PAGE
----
How can I be more certain in my faith?

When Esther Lightcap Meek was 13 years old, she found herself wrestling with two questions: How do I know that anything exists outside my mind; and how do I know that God exists?

The first reflects a mind unusually prone to philosophising. But the second is inescapable. Answers like ‘the Bible tells me so’ only raised more questions for the girl who would become a leading figure in the philosophy of knowledge.

While Meek was raised in a Bible-believing home in the United States, these curiosities were not encouraged. She laments that Protestant Christians in general, unlike Catholic and Orthodox ones, are often philosophically unaware.

In high school, Meek encountered the work of the theologian, philosopher and pastor Francis Schaeffer. “I began to realise,” she recalls, “that my questions weren’t sin – they were philosophical. I thought that was the coolest thing ever!”

Esther Meek

Esther Lightcap Meek Esther Lightcap Meek

Only after a year of college did Meek discover she could study philosophy. “I felt morally obligated to pursue it,” she explains, “because this had to do with the fundamental assumptions that shape and bring everything together. So began my quest.”

Twelve hours later, she had changed course – at college and in life – embarking on a quest that led to her current position as Professor of Philosophy emeritus at Geneva College in Western Pennsylvania.

What Meek quickly discovered was that she had been, unknowingly, a ‘baby sceptic’. Where had she learned this scepticism? “The point,” she explains, “is nobody taught me that.”

“It’s not only the truths, but the mistakes of various philosophers that play out in culture.” – Esther Meek

A hopeless heritage

Like each of us, Meek unconsciously inherited thousands of years of philosophical inquiry and controversy. Early in her seminal book Longing to Know: The Philosophy of Knowledge for Ordinary People, Meek makes a very long story short, describing the cycle of Western thought from scepticism to certainty to scepticism to … us. In the process, she illustrates how “it’s not only the truths, but the mistakes of various philosophers that play out in culture.”

Longing to Know: The Philosophy of Knowledge for Ordinary People, by Esther Meek

Longing to Know: The Philosophy of Knowledge for Ordinary People, by Esther Lightcap Meek

Meek attributes particular impact to French thinker René Descartes, the philosophical father of the modern age. His (often misunderstood) ‘first principle’ – “I think, therefore I am” – demonstrates his emphasis on the mind as the anchor of all certain knowledge.

Descartes’ mind-over-matter approach has filtered down through the centuries. We modernists tend to think of our minds as reliable and fundamental and the rest of us as secondary.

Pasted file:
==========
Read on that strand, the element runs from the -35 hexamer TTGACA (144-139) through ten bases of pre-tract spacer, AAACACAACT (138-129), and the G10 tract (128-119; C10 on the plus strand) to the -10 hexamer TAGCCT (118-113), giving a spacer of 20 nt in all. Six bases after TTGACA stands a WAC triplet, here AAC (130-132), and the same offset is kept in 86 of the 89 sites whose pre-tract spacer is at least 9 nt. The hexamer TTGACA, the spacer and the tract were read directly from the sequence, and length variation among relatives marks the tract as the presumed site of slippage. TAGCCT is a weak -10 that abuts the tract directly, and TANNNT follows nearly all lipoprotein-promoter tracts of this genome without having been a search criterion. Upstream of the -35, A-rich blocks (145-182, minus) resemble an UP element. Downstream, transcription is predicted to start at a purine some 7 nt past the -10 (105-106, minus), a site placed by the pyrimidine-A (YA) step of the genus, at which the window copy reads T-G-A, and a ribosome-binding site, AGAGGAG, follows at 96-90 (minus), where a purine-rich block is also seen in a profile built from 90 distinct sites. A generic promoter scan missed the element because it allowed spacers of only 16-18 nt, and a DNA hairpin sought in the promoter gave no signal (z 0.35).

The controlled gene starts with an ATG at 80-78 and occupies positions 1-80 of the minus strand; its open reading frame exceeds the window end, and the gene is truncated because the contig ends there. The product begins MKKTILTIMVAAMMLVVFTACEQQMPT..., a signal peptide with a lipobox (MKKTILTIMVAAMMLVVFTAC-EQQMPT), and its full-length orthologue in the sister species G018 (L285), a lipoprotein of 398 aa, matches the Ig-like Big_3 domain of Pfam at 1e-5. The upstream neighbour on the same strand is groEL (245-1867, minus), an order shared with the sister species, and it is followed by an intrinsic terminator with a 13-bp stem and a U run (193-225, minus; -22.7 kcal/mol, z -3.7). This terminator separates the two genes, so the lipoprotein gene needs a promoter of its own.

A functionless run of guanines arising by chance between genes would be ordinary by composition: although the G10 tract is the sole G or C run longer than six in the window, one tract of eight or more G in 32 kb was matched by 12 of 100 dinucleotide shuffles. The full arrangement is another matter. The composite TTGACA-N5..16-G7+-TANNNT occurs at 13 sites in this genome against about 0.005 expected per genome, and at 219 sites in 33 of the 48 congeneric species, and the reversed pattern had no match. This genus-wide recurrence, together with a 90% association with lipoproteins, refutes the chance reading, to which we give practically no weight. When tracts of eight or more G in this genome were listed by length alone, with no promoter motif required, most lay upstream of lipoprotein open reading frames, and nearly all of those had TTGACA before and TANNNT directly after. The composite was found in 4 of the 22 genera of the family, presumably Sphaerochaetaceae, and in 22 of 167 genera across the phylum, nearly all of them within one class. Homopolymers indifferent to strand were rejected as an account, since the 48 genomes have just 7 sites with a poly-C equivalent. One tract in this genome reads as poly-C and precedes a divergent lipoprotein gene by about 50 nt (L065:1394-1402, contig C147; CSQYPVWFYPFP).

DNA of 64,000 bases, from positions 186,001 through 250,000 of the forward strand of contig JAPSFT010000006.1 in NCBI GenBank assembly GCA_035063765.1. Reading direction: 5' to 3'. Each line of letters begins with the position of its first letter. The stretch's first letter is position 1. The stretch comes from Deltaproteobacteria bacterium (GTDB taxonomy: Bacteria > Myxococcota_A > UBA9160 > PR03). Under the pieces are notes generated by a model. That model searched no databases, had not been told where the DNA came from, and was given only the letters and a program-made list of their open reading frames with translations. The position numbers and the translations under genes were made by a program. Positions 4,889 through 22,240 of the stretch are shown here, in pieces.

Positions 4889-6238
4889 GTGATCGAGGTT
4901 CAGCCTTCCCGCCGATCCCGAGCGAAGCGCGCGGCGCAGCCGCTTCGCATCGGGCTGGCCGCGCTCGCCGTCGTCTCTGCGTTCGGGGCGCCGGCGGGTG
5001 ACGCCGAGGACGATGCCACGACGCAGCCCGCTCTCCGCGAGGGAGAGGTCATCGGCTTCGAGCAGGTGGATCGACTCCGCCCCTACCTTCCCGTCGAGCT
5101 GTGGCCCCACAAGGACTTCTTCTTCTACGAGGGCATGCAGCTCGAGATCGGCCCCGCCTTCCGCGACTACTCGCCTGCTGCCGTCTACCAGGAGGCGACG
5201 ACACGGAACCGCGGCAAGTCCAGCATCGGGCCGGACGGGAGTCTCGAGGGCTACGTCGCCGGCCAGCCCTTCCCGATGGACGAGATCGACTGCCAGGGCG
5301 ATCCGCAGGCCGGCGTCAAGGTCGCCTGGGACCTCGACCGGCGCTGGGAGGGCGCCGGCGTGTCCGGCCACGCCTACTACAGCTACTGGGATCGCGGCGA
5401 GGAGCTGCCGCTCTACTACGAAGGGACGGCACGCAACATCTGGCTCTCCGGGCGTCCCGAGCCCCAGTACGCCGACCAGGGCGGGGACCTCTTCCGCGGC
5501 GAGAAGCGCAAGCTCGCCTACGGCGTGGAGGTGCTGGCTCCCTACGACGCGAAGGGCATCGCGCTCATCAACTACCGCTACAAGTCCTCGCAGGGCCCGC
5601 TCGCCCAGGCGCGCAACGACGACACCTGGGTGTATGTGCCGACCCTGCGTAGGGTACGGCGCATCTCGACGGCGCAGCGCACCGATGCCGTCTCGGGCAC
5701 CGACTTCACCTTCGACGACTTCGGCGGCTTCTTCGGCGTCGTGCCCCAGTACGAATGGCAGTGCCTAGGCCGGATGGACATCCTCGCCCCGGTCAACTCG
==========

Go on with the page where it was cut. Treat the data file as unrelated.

“We all reap the rootlessness of a shattered worldview.” – Esther Meek

According to Descartes, the antidote to scepticism is certainty anchored within the mind. Perhaps, having sifted through all our information and tested that it is verifiably ‘true’, we can reach objective, certain truth. The trouble is that Descartes and his philosophical offspring’s quest for convincing grounds for anchoring certainty in the mind came up empty, leading us back to the crippling scepticism reflected in Meek’s childhood doubts.

But still, the notion of knowledge as certainty in the mind dominates. As a result, “we all reap the rootlessness of a shattered worldview,” Meek writes in Longing to Know. Perhaps scepticism will stick now that we, having been ‘enlightened’, are “up for the challenge of rootlessness, as some might say.” But Meek hopes it won’t, convinced that our defective conception of knowledge has tragic consequences in every walk of life.

A modern mess

Here’s a question to illustrate. What comes immediately to mind as a synonym for the word ‘knowledge’?

When I asked a colleague, his first two words were ‘brain’ and ‘books’. We, the inhabitants of the ‘information age’, instinctively think of knowledge as facts on a page or bits in a brain.

Esther Meek describes the over-utility of information

Meek calls this model of knowing “almost addictively attractive” because it promises to satisfy our desire for utility and power. After all, whether or not it equates to knowledge, information certainly seems useful.

No wonder we don’t value the humanities! No wonder my Year 12 students used to regularly ask me what philosophy actually was. Instead, students daydream about instantly ‘downloading’ a textbook to their brain, as though mastery of a discipline were a matter of explicit information, disconnected from reality, for us to acquire quickly and commodify.